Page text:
Wednesday, April 30, 2008

Chapter 13 - Crisco Disco

(Drive-In/BeBop, 2000)

Tomorrow I am going to join a gym, and then, when next we meet on the beach or the boulevard, I’ll beat you up. WITH MY ABS. I think I’m taking a positive step here; if I can maintain the discipline to go on a regular basis, it’ll add further structure to my life, helping me achieve my long-term goal of having almost every day rigidly planned out with a set series of activities far, far in advance. As it stands, I have the following “must-do” checkpoints during each weekday: wake up, go to the coffee shop, go to work, read certain political blogs at certain points in the day, have my 2:30pm coffee, walk up and down the fire escape (33 flights) for exercise at the end of work, go home, review a 7”, follow baseball, do my sit-ups and push-ups, go to bed. I can certainly insert a daily visit to the gym between the office and my record listening, and that’ll happily keep me out of trouble during those tricky late-evening hours. And make me STRONG. So I can kick the ass of crappy records like the one I’m playing at this very moment. This is pure ’80s synthpop, chilly and wimpy, with mannered Morrissey-style vocals crooning along atop the drum machines and frosty keys. I never cared for stuff like this; it always came off overwrought and anti-fun, and Chapter 13 offends doubly in that the group is doing what amounts to an impression of that already hollow sound. It’s a good impression, yes, but the melodies – which could have won me over and made the record worthwhile – are ultimately unremarkable, and, annoyingly, it’s never quite possible to get past that initial reaction of, “Hey, this sounds just like…” So yeah. Pass. “Crisco Disco” is as predictable as the deadening, routinized life I envision for myself, but somehow even less interesting. With my future brawn I give it the ol’ heave-ho.

Tuesday, April 29, 2008

The Chap - I Got Flattened By A Pig Farmer

(Lo, 2002)

Two examples of quirktastic electro-pop from these underrated European goofballs. “I Got Flattened By a Pig Farmer” is all about its pitter-pattering beats and sneaky bassline (though the surprise fiddle attack at the end is fun), more a chilly 12” club thingy than a proper pop/rock song, and quite representative of the less inspired moments on Chap full-lengths. The B-side, “Remember Elvis Rex,” is better, the dual-vox monotone spitting out the nonsensical lyrics over warm, distorted synths and electronic bleeps, comparable to an embryonic Caribou crossed with the Flying Lizards. Both songs are on the subsequent LP The Horse – as well as a promo CDR single that adds the rarity “I’m Hurtn” – but anyone interested in The Chap would be best served by finding the later “(Hats Off to) Dror Frangi” EP, whose synth burps and guitar explosions do a near-perfect job of balancing pop brilliance with rock-band posturing and gratuitous electro weirdness. If you’re conscious and breathing, it doesn’t get too much better than the likes of “I Am Oozing Emotion.”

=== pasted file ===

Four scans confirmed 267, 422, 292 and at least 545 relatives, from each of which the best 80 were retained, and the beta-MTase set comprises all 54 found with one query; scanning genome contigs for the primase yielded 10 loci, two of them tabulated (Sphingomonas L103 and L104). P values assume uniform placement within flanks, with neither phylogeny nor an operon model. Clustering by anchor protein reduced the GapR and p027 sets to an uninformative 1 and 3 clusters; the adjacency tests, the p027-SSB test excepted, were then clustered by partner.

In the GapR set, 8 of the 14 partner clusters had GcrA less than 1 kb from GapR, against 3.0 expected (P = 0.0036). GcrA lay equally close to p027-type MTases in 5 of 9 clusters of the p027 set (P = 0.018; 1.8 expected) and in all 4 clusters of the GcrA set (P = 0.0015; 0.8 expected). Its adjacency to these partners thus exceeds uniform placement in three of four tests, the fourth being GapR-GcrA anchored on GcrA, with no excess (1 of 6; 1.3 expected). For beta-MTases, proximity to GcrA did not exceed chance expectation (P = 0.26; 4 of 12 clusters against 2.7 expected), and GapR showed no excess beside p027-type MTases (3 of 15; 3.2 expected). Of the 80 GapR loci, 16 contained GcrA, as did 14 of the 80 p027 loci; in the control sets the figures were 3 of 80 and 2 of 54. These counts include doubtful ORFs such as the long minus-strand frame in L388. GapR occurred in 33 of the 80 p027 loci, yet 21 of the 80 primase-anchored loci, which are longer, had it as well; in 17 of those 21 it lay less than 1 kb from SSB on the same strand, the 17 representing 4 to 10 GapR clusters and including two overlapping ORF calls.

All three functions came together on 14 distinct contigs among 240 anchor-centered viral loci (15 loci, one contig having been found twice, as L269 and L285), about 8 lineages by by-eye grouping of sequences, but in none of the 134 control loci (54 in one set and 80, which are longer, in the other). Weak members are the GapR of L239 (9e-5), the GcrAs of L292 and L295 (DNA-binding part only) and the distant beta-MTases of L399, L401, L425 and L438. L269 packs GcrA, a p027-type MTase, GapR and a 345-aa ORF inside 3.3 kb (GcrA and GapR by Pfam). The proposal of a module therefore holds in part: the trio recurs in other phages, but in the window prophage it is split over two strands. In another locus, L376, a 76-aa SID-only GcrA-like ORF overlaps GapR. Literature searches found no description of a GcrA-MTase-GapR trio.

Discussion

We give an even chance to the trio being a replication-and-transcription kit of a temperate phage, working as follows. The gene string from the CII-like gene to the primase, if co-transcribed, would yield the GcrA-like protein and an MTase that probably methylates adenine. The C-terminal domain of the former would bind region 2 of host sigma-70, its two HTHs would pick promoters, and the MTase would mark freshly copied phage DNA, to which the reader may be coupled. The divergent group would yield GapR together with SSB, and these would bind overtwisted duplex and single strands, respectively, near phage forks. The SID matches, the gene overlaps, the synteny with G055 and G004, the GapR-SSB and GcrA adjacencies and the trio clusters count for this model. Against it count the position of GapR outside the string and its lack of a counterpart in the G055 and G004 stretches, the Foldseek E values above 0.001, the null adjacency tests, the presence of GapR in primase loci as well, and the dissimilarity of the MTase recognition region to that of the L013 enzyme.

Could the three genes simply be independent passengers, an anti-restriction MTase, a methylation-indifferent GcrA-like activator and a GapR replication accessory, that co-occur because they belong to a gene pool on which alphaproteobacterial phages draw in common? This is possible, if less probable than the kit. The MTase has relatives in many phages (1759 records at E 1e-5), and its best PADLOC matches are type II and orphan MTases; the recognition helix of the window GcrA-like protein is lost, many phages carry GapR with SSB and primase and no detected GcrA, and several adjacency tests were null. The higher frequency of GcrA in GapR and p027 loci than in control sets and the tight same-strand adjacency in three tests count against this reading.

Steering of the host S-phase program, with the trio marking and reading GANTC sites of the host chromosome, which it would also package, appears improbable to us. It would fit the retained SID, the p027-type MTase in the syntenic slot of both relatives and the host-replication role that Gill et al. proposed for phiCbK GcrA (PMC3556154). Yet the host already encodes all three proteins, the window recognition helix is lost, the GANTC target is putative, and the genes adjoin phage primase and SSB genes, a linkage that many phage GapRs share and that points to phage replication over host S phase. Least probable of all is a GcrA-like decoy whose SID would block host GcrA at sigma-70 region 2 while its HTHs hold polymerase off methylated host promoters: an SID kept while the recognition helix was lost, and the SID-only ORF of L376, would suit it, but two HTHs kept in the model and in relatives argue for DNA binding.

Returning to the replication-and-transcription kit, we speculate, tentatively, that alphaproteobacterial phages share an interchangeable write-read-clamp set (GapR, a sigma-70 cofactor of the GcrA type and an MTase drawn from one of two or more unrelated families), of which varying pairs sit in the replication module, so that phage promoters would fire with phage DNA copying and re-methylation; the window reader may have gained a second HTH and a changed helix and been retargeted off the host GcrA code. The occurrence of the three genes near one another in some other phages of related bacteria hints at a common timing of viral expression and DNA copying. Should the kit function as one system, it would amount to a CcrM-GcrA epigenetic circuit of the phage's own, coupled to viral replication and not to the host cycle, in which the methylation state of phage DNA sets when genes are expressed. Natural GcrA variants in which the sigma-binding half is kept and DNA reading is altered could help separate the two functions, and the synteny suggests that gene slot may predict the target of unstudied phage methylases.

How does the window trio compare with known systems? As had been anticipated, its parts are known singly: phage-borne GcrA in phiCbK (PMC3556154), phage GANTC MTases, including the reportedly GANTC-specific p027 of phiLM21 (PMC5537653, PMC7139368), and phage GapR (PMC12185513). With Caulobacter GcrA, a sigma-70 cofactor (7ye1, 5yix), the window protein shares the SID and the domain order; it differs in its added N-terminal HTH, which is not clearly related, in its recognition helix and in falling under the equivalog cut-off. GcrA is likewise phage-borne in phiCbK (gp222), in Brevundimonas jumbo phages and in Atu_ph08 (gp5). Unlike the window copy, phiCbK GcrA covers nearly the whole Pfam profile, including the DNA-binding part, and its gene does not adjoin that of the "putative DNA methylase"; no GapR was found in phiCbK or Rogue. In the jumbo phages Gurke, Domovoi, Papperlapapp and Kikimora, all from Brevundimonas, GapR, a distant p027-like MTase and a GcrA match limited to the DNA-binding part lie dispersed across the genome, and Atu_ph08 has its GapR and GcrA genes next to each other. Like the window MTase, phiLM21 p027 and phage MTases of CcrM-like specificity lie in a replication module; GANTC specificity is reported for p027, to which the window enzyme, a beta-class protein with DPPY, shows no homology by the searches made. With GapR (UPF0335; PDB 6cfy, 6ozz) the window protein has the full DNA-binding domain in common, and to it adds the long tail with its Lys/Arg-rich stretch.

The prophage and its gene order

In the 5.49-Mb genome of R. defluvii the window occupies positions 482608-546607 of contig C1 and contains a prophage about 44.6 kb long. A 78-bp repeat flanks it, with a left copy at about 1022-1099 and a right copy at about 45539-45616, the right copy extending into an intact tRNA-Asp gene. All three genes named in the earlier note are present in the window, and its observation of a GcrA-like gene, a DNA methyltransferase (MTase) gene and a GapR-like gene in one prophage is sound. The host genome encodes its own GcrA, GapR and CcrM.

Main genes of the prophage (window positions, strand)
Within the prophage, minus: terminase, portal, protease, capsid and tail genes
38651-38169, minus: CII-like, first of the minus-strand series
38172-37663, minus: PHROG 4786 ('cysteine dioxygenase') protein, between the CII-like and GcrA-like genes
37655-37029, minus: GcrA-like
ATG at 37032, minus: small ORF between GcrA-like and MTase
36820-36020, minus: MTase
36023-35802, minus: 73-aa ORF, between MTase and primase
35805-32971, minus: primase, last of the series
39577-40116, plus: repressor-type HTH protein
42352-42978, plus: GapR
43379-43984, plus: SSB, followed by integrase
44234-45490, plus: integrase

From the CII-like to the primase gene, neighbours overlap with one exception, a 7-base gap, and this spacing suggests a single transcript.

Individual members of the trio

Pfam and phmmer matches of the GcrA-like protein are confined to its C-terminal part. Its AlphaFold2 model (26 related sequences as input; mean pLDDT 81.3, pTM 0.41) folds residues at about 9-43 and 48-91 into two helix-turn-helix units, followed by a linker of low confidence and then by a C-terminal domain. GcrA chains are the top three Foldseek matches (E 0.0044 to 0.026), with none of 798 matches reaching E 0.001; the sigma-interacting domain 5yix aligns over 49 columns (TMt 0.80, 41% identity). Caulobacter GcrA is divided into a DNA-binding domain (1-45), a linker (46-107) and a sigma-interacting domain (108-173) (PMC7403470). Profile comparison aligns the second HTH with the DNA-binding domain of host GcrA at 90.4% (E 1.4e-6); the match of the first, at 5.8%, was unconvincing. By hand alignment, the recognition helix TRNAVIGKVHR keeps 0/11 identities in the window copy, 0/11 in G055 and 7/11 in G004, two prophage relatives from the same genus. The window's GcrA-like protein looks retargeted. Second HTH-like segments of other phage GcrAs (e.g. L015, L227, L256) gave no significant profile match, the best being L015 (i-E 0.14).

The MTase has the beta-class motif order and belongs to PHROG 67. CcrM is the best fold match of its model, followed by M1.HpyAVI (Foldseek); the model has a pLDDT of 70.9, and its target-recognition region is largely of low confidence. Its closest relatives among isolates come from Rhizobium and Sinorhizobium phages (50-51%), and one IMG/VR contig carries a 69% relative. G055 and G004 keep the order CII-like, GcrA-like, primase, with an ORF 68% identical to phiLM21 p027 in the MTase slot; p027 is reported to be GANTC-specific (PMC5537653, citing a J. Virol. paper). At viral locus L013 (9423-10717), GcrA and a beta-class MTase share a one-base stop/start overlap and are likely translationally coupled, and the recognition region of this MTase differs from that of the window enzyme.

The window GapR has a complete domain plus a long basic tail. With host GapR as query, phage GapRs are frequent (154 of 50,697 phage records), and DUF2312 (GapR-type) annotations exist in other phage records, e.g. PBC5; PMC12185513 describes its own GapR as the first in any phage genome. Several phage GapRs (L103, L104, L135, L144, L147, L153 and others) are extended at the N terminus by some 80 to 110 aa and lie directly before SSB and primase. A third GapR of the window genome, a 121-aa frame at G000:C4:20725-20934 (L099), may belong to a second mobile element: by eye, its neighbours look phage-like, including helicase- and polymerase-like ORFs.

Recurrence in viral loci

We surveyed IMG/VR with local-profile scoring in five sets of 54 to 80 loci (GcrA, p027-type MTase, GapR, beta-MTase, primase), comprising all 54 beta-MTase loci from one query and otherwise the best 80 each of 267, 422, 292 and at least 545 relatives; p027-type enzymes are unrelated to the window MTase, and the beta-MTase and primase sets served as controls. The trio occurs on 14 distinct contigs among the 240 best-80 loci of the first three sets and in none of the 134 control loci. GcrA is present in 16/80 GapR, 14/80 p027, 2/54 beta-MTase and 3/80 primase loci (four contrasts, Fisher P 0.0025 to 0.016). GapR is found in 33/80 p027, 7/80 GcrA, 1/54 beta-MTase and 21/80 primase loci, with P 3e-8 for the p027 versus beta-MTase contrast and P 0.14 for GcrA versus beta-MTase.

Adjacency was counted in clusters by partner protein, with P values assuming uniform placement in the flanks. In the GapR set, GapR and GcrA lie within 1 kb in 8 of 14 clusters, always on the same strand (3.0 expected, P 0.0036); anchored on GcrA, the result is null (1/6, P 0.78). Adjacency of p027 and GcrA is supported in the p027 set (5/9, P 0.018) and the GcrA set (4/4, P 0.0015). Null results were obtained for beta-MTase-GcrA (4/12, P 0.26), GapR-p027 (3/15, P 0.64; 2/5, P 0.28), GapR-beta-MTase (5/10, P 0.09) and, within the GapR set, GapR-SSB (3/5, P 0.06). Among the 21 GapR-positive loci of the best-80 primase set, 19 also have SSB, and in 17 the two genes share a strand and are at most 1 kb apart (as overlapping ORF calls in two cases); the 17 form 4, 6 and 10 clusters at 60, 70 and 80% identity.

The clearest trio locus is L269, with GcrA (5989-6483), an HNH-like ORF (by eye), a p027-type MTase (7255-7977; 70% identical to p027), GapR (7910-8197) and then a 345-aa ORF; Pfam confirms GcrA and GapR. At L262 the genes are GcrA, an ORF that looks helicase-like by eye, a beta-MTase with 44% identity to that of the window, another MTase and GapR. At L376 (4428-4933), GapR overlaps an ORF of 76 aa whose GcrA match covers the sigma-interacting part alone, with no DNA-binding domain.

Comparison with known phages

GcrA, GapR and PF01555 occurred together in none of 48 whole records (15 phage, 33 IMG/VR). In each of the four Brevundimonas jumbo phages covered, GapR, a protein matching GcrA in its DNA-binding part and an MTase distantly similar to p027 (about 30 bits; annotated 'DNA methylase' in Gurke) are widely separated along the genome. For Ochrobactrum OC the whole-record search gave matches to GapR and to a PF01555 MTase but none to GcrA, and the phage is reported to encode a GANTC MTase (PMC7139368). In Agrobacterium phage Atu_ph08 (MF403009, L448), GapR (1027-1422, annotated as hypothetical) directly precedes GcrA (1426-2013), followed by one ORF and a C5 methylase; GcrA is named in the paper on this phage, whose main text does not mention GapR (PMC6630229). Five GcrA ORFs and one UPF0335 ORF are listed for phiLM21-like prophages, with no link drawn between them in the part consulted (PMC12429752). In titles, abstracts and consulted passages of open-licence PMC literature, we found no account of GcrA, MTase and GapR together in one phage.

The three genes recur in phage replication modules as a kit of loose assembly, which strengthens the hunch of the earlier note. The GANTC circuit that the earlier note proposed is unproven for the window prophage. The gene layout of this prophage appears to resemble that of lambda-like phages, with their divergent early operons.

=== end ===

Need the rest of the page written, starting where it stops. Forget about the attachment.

Monday, April 28, 2008

Gene Chandler - Duke Of Earl

(Vee-Jay, 1962)

Everyone in town knows “Duke of Earl” for its famous doo-wop “Duke-Duke-Duke-Duke of Earl” chant, but don’t ignore its smooth lead vocal and boastful lyrics, especially the wonderful “As I walk through this world / Nothing can stop / The Duke of Earl.” And I’ll be durned if Gene Chandler himself didn’t take to strutting through these lands with his very own cane, cape, and monocle after the song hit it big! Can’t blame him; it’s a solid look. The B-side is “Kissin’ In the Kitchen,” and here Chandler ditches the doo-wop elements of the A for full-on snappy soul ala Jackie Wilson. It’s not raunchy or percussive enough to be a true raver, but it does make for a passable little party number and shows that Chandler – who ended up sticking around through the disco era – had some tricks up his sleeve beyond that doggone delightfully-offbeat “Duke of Earl.” Listening to the single, it’s strange to hear something seemingly so far removed from the British Invasion and still detect the roots of the Beatles: “Anna (Go to Him),” a cover of which appears on Please Please Me, has a chorus that utilizes very similar vocal stylings and phrasings as “Duke.” Huh!